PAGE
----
by being once lost, may be ten times found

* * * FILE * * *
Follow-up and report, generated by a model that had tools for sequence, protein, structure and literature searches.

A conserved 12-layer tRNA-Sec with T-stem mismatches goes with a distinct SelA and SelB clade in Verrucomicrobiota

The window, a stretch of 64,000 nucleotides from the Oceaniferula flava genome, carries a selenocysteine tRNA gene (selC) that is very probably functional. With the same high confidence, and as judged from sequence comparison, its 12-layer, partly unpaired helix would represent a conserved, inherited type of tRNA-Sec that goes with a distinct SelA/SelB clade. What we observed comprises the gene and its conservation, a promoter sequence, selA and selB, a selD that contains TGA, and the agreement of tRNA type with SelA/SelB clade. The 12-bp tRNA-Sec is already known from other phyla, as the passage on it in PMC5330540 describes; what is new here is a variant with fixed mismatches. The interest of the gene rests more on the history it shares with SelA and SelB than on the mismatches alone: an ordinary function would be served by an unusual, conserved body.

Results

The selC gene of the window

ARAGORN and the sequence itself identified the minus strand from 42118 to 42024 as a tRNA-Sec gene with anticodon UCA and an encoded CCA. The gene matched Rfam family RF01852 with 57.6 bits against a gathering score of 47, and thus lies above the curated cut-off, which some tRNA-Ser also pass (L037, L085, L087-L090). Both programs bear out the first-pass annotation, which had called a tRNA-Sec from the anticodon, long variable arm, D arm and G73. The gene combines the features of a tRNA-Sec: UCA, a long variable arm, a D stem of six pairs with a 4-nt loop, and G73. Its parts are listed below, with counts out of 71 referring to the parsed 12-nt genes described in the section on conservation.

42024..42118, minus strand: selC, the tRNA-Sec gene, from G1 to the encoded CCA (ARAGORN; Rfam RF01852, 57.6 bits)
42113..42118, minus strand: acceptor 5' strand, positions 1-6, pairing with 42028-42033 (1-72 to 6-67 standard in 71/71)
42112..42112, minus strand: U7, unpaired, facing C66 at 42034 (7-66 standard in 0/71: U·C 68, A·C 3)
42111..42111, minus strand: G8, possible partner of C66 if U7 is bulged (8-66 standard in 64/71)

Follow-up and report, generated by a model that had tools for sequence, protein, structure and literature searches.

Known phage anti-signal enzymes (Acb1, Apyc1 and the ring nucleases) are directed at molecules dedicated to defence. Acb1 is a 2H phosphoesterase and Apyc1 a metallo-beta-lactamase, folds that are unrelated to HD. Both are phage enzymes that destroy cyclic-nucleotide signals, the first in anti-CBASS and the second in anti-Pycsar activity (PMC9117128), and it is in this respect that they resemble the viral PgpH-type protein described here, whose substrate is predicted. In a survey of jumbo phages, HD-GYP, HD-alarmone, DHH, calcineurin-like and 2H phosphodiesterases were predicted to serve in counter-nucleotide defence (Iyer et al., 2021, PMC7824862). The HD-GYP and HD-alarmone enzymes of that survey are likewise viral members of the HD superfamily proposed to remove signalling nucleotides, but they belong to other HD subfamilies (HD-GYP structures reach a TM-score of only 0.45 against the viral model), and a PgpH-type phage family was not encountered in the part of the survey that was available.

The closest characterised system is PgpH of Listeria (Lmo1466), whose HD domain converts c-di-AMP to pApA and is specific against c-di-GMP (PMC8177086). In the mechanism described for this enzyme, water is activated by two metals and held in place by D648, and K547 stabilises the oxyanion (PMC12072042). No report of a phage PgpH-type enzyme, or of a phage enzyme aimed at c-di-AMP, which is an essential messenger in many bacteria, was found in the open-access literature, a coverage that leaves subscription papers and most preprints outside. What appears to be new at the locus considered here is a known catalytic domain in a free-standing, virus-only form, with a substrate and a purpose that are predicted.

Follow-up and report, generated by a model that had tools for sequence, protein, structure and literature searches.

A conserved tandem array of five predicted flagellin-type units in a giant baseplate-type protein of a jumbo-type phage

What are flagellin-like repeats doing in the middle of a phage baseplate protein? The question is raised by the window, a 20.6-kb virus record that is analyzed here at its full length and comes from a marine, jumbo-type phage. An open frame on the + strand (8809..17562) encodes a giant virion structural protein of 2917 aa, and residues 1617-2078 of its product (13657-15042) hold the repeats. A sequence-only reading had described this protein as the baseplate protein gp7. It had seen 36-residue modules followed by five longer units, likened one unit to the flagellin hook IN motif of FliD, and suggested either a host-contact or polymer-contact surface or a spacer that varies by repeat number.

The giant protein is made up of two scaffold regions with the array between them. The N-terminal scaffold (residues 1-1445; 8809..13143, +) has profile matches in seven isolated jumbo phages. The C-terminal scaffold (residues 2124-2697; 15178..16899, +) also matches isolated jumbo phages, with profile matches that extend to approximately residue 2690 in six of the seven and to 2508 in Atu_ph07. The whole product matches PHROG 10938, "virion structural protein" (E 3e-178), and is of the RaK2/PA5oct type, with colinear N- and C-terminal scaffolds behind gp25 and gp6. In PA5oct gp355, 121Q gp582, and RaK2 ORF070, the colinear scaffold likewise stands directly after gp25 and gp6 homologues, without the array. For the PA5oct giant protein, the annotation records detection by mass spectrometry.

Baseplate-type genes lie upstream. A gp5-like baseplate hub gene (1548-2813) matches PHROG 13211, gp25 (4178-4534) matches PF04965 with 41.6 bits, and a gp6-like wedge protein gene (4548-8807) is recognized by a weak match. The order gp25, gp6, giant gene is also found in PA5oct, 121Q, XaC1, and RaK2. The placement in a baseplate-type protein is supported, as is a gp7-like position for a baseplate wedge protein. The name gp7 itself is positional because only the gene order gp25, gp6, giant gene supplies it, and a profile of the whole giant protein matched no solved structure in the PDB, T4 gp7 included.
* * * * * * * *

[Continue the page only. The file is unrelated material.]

My 5-year-old grand-niece calls me Auntie Anne, which I love. Tonight I joked to her that she should not talk to boys until she’s 25, to which my mother-in-law said, “yes you should be like your Auntie Anne, remember?” Which made me laugh, but then I realized that my mother-in-law must hold me up to the kid as a sort of paragon of virginity, because I didn’t have a baby til I was done with my education, as she points out. And, as I told my grand-niece, it’s true that I didn’t even date in high school. It is amazing to me that I could be viewed as a role model for young people given the rebellious path I took as a teenager, but it’s true that I was very lucky. And it’s cool to be in a position to inspire now. There are so many reasons to be "good" that I now understand and that I wish I could figure out how to convey to my son. Trent recently posted about his admirable drug-free record and commented--with a remarkable lack of discretion--that he wasn’t sure what we could tell our son about me. I’m not the least bit worried about that though. I’ve processed that particular journey pretty thoroughly and I like to think I’ll have no problem explaining it to Nugget. The only question to me is, will he hear it? I tend to think that I wouldn’t have listened no matter what anyone told me. I’ve been thinking about faith lately … I guess that’s where it comes in. My mom once asked me, when my sisters were still young, how she could teach my sisters not to be like me? And my response at the time--my faith was much stronger then--was, don’t you believe in god, mom? Isn’t that what faith is for?

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